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The Neuer Markt: Can It Hang On?


The news was just what Frankfurt's battered Neuer Markt didn't need. On July 2, e-consulting firm Kabel New Media zapped a terse statement to the Frankfurt stock exchange's news ticker: "The company lacks the liquidity to meet its future obligations." Hamburg-based Kabel added that it had applied for the German equivalent of protection from creditors. The cast of characters in this tale of wealth destruction fit a familiar pattern: A "visionary" founder, Peter Kabel, turned New Economy goat; analysts who rated the stock "outperform" until the day of collapse; and stockholders left with shares worth pennies, down from a high of $68 in early 2000.

Sure, similar scenarios have played out on stock markets from Hong Kong to New York. Disasters such as Kabel Media, though, have so pummeled the Neuer Markt that the German press has begun speculating about its demise. That's overblown. But it's an indication of how deep a crisis afflicts Europe's biggest exchange for so-called growth stocks. The four-year-old Neuer Markt is down 73% from the end of 1999, compared with a 50% plunge at New York's Nasdaq. A series of scandals, including alleged insider trading by executives of Neuer Markt-traded companies such as EM.TV & Merchandising, has undermined investor trust in the viability of the market. "The whole market has been tainted," says Cyril P. McGuire, executive chairman of Trintech Group PLC, a Dublin maker of software for electronic-payment systems that is listed on the Neuer Markt and the Nasdaq in New York.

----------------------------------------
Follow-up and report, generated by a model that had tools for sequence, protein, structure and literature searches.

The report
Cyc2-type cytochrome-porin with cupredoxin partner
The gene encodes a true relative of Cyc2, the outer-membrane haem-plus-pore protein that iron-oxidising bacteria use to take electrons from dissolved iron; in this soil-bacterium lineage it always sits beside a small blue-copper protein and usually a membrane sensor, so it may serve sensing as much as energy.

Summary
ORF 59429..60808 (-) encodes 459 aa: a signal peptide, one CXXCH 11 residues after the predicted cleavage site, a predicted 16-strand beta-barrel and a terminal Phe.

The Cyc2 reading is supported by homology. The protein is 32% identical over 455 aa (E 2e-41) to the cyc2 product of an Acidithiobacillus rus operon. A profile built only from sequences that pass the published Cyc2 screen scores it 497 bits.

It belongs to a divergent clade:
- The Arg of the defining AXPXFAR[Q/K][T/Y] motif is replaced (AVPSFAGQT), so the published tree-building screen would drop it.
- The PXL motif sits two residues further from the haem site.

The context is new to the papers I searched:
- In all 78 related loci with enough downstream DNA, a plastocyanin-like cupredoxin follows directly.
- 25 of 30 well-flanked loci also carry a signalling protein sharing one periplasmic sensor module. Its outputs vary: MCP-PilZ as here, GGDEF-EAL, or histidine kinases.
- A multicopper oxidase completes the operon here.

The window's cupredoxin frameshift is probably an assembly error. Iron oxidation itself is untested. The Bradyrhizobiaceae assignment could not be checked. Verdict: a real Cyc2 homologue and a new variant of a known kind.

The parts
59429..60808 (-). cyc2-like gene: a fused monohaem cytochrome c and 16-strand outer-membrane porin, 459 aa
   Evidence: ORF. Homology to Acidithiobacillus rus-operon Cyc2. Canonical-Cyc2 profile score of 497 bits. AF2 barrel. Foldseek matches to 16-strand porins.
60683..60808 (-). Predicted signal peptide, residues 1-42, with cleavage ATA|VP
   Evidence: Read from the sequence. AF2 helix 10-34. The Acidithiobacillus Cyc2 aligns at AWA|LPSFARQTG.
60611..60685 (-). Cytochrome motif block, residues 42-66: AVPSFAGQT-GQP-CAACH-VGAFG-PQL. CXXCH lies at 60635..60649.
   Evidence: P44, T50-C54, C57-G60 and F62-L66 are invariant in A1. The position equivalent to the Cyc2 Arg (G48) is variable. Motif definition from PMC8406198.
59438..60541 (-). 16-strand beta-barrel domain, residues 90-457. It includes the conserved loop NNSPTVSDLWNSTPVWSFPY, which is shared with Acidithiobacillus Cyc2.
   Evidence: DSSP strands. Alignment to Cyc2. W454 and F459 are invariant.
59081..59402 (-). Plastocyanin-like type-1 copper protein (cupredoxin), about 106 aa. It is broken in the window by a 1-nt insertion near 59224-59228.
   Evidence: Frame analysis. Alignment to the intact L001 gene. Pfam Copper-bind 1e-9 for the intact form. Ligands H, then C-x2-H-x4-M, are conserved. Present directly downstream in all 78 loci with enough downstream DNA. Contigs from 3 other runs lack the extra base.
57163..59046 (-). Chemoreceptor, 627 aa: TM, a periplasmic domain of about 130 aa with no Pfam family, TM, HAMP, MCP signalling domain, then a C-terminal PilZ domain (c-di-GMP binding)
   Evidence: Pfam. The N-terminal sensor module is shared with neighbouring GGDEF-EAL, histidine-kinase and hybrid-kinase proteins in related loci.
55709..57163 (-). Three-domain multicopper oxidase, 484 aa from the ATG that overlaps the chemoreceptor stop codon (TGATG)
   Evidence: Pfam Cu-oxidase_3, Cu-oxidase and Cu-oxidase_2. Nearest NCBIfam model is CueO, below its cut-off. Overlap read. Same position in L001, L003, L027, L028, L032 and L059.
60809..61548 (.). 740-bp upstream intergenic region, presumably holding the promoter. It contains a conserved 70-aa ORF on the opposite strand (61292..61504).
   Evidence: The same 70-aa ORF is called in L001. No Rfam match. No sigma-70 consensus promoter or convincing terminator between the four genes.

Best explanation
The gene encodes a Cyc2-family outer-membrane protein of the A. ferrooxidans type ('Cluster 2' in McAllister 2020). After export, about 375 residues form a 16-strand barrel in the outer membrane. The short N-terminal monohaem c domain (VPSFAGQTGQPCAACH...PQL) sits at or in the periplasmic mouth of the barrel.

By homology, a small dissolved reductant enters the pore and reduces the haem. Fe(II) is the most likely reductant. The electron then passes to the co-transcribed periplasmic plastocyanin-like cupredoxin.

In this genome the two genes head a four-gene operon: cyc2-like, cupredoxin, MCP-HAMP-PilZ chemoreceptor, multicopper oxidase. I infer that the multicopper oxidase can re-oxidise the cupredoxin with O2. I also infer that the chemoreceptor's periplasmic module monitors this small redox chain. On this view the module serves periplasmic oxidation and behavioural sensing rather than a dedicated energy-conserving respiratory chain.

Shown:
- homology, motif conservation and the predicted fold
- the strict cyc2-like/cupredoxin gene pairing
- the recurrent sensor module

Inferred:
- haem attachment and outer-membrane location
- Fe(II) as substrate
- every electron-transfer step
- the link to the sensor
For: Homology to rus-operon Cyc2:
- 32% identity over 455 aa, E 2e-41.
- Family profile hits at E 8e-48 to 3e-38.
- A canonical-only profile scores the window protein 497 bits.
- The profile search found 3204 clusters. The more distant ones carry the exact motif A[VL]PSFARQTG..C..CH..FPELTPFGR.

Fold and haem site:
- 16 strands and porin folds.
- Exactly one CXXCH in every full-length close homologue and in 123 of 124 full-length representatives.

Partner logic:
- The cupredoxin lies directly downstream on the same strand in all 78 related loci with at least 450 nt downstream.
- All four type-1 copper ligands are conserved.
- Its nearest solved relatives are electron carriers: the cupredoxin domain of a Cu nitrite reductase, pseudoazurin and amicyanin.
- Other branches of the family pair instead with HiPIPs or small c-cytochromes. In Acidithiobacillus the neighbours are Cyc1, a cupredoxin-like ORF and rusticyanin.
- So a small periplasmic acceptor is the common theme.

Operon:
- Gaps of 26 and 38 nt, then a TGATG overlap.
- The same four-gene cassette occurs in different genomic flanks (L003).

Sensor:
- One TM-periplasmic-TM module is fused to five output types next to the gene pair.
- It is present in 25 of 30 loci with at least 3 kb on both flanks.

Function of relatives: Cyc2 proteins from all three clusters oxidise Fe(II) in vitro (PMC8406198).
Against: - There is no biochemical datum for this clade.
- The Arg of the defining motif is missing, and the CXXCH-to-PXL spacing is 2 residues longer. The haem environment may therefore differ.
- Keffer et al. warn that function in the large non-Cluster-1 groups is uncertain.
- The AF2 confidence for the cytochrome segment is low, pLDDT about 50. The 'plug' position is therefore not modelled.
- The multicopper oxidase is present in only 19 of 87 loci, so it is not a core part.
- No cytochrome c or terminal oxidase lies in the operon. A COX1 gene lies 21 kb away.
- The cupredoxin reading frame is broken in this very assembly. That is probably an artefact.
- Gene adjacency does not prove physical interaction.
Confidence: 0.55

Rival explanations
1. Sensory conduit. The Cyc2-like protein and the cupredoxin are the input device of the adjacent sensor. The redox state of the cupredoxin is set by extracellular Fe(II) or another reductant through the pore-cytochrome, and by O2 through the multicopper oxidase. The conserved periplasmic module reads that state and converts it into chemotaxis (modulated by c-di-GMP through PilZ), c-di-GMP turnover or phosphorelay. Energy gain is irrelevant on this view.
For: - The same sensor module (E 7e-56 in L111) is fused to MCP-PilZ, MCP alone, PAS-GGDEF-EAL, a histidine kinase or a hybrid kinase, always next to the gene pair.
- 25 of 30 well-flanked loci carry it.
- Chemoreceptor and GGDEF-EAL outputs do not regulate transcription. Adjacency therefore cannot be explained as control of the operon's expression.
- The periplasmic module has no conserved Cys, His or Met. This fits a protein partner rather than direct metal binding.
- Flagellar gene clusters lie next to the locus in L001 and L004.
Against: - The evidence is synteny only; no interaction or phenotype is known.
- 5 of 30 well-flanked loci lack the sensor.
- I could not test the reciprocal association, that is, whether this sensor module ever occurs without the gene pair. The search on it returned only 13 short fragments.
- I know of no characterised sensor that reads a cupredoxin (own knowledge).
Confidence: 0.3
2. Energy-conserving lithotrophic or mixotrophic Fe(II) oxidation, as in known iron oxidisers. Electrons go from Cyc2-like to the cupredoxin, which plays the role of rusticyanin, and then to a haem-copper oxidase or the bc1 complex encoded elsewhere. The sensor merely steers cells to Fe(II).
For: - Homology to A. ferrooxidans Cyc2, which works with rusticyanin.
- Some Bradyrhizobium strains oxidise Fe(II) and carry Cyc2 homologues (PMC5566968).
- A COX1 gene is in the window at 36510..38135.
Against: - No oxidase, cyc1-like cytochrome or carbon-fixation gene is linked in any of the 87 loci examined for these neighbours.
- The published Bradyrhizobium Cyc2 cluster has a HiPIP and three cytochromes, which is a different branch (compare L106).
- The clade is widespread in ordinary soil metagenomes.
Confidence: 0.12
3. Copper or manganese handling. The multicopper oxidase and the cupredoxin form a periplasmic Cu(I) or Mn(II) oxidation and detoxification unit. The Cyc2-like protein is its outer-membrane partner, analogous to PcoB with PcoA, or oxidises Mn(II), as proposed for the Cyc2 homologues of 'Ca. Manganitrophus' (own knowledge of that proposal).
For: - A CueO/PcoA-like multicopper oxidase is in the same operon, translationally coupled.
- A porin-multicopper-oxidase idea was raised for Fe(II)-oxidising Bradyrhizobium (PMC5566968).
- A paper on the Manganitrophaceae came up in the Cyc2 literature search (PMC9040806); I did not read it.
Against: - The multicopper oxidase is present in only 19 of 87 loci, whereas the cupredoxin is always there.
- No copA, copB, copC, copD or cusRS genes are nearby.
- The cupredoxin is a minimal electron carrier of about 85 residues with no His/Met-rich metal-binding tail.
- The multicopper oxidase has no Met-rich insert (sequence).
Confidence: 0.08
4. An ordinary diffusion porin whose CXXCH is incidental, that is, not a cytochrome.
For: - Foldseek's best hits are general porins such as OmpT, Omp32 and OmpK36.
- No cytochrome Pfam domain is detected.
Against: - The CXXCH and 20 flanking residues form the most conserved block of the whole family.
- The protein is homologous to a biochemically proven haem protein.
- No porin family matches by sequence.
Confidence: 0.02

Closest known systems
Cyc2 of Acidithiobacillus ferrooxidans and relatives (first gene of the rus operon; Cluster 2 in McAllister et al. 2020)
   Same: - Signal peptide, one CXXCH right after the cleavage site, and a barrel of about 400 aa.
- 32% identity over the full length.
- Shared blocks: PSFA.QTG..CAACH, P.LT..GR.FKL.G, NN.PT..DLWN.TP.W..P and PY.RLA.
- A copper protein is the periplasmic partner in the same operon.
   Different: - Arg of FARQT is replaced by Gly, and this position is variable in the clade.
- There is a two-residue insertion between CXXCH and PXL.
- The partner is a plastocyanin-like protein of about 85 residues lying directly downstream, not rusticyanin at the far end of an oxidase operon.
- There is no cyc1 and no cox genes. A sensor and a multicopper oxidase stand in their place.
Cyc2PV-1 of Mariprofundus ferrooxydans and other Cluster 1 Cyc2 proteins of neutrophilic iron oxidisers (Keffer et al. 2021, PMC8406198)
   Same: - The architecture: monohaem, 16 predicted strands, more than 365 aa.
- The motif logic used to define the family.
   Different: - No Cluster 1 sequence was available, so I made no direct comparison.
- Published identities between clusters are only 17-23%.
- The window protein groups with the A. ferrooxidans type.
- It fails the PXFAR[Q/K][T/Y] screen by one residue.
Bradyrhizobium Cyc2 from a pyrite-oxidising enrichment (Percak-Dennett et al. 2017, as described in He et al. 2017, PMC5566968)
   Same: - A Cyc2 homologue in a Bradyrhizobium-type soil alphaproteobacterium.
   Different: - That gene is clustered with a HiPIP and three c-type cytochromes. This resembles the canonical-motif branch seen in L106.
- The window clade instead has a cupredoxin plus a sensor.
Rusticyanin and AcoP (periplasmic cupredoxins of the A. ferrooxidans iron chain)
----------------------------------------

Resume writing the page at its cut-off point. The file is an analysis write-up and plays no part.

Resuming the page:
The damage will make the task of resurrecting this market all the more daunting. Companies such as Singulus Technologies, a profitable maker of machinery for producing CD-ROMs and DVD discs, have threatened to bolt to other exchanges. Already, competitors such as Brussels-based Nasdaq Europe are trying to lure away Neuer Markt companies. So far, Nasdaq Europe has only a fifth as many listings as the Neuer Markt's 342. But that could change if the Frankfurt exchange doesn't win back credibility. One that has been approached by Nasdaq Europe is Dublin's Trintech Group. Executive Chairman McGuire says he's not planning to move, but adds: "If the situation continues, we would consider our options."